The following hypotheses mathematically represent the thoughts above. Essentially, the qualitative implications above can be quantified into testable hypotheses as shown below.

  

Hypotheses Concerning Competitive Advantage

 1. The price elasticity of demand for wine is greater than one in absolute value, implying relative substitutability in wines and producer homogenity in the eyes of the consumer. 

[Image of Equation]

2. The cross-elasticity of demand between Chilean wines and US wines is greater than 0, defining them as substitutable goods.

[Image of Equation]

 3. The tasting-score elasticity of demand is greater than zero, implying that as the tasting score of the wine increases, the demand for wine increases.

[Image of Equation]

 4. The foreign tasting-score elasticity of demand is less than zero, implying that as the tasting score of the Chilean wine increases, the demand for the wine increases.

[Image of Equation]

 5. The consumption elasticity of demand is greater than zero, implying that as consumption increases, the demand for wine increases. This further implies that as income increases, wine consumption increases.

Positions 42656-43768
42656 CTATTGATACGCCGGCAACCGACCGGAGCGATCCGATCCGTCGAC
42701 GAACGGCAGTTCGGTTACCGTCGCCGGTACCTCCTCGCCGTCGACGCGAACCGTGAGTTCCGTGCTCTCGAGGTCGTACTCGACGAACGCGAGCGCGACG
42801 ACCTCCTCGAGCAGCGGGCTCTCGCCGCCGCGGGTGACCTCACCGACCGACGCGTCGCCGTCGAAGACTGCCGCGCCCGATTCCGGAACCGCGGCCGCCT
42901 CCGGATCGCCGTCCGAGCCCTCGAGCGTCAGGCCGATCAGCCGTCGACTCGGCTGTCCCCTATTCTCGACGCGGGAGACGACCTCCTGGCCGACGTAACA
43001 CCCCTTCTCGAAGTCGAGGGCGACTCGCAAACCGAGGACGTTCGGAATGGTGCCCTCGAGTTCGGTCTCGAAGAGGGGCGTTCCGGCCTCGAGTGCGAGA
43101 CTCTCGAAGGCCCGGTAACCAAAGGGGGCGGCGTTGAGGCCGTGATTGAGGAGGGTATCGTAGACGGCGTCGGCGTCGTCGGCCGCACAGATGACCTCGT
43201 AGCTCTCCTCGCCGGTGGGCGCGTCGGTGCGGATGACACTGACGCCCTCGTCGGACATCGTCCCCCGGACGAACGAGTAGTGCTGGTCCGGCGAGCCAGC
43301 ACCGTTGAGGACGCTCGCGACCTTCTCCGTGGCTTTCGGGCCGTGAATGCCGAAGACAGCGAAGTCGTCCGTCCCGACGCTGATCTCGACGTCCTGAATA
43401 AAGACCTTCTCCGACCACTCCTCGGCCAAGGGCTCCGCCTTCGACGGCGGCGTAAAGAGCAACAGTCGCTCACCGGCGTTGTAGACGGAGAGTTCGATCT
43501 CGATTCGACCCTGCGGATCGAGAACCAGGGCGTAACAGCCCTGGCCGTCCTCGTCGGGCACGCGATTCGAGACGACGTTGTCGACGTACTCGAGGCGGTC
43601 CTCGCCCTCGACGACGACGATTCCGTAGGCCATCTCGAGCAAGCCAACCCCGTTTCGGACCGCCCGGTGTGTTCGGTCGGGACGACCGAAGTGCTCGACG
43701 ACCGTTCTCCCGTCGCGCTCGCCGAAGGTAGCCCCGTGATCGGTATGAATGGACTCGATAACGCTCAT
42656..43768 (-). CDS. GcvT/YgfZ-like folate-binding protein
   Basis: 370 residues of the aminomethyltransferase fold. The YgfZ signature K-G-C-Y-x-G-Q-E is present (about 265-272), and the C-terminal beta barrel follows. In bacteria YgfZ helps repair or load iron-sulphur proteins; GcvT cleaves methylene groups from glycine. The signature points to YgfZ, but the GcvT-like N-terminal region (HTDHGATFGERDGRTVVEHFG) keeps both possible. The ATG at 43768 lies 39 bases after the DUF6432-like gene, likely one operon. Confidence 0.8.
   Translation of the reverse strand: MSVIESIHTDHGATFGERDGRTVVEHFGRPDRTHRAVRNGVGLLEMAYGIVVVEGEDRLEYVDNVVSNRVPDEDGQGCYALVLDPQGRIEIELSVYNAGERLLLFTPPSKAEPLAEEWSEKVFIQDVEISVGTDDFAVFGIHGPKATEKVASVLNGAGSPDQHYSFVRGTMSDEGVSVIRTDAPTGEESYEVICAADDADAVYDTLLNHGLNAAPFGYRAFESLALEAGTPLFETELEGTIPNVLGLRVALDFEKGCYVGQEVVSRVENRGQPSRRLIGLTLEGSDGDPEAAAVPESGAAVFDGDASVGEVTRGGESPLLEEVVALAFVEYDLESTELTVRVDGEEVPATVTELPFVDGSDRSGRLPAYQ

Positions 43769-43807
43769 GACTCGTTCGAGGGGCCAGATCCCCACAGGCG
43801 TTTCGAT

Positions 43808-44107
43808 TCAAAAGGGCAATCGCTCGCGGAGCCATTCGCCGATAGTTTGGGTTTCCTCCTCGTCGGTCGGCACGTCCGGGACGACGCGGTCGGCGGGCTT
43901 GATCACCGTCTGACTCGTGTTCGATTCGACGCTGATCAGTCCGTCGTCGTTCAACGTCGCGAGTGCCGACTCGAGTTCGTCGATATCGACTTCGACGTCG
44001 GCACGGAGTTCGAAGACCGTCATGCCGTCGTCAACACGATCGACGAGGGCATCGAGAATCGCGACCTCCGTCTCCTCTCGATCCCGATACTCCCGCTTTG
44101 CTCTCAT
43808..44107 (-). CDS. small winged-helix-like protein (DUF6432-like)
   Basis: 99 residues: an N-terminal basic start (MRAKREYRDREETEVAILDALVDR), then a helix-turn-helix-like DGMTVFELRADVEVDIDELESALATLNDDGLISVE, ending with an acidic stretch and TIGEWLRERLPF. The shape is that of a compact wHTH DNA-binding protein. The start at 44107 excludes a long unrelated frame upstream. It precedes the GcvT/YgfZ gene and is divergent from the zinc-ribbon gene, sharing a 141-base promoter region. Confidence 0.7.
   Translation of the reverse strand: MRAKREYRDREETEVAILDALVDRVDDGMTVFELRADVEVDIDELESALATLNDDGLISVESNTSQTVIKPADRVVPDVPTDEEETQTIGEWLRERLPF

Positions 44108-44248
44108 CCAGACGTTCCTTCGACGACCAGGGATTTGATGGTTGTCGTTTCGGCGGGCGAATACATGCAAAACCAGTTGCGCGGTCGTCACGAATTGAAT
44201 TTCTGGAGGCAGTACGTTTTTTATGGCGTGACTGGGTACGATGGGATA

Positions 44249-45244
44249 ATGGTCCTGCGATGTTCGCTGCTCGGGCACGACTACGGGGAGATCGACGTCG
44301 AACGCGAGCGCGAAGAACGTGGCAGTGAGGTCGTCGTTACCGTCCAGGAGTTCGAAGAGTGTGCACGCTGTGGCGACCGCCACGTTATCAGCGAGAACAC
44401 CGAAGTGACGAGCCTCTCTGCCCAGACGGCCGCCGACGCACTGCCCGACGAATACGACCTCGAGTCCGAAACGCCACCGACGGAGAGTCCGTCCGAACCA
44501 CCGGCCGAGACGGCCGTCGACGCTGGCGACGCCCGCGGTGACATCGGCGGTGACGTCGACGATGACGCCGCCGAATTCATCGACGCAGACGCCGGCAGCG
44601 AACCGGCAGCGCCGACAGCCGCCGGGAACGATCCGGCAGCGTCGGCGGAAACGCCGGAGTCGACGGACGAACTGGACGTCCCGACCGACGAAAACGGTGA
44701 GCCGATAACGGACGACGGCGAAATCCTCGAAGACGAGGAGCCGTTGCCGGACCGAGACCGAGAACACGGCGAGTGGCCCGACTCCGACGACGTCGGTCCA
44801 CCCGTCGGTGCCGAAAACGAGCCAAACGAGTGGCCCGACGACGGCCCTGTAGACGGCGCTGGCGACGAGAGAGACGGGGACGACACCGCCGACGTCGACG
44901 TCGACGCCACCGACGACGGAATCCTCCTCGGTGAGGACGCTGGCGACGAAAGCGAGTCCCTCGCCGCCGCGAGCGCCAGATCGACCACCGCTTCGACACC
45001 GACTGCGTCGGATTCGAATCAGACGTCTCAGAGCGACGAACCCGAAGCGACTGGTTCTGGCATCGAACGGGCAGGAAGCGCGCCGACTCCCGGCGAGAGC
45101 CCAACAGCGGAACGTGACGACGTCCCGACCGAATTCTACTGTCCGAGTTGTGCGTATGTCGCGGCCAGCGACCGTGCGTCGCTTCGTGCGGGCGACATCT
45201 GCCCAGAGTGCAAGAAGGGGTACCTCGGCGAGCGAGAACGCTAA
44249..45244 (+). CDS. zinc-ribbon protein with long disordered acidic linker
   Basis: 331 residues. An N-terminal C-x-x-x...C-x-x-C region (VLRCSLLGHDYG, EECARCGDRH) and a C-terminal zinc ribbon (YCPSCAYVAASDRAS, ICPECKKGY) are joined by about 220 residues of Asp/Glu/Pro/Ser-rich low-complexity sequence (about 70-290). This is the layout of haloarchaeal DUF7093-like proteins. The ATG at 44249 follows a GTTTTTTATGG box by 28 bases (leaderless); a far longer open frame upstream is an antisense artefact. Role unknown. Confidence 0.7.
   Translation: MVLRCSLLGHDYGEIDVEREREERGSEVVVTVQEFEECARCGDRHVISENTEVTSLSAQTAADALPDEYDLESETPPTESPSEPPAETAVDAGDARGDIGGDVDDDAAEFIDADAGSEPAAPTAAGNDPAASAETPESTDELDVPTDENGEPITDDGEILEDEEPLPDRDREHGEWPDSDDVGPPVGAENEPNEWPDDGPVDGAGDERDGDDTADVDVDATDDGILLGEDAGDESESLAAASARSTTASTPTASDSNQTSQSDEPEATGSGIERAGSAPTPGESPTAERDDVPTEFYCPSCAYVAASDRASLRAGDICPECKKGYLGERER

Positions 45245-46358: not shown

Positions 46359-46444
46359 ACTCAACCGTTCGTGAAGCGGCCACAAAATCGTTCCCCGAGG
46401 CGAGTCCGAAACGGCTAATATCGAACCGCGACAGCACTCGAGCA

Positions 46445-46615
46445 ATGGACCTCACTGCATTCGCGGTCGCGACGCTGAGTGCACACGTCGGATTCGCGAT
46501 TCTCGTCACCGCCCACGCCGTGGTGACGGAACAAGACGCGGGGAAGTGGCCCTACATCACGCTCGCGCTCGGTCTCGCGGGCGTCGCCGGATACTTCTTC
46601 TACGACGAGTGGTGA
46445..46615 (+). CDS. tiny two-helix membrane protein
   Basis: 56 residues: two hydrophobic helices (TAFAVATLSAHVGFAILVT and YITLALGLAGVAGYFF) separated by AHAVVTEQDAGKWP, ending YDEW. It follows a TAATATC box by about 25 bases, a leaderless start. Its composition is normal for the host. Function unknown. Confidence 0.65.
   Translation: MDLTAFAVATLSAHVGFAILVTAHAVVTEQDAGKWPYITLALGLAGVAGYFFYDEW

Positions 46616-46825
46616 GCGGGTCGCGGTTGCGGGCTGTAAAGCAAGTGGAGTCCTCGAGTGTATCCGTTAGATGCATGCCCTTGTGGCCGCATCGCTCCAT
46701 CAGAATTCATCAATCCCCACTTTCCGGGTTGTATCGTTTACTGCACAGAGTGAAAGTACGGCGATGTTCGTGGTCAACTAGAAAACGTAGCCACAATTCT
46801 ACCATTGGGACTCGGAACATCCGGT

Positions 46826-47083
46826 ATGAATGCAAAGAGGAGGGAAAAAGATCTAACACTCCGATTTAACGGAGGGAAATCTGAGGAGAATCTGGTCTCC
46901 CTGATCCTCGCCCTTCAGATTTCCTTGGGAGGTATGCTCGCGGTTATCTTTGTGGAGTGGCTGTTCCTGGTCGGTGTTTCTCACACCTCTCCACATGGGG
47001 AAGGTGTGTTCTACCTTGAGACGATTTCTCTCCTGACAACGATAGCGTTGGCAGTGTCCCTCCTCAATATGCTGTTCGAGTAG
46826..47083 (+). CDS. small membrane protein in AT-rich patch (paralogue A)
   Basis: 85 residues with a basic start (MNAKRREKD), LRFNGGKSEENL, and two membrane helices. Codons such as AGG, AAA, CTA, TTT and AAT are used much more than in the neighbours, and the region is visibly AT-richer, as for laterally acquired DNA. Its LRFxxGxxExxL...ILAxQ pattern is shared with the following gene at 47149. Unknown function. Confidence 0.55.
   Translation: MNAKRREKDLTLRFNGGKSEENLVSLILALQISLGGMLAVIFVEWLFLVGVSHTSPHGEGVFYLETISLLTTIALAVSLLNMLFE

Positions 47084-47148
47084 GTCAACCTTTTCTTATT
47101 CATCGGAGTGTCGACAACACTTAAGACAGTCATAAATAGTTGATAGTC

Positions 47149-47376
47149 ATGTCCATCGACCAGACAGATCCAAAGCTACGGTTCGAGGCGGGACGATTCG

[Image of Equation]

 These elasticities are easily estimated through an econometric model, a linear regression where the US demand for wine is based on the inverse demand function above.

In a forthcoming study, historical data will be used to test these hypotheses. Tasting scores are difficult to find for older vintages, but a cross-section analysis somewhat defeats these problems. More research in this area is needed.

  

4. The Basics of Sonoma County's Value Chain

The methods to look at industries via a value-chain use the basic devices of microeconomics to analyze the firm. Firms are rated in terms of their advantages, as weighted in many different categories. The weightings take place through separating firms into Strategic Business Units (SBUs) such that all the firm's activities are assigned a category and specific function. Competitive advantage takes place when a firm has differentiation in activities such that they do that activity better than any other competing firm. This leads to cost advantages, and overall better competitiveness, much like comparative advantage in international trade.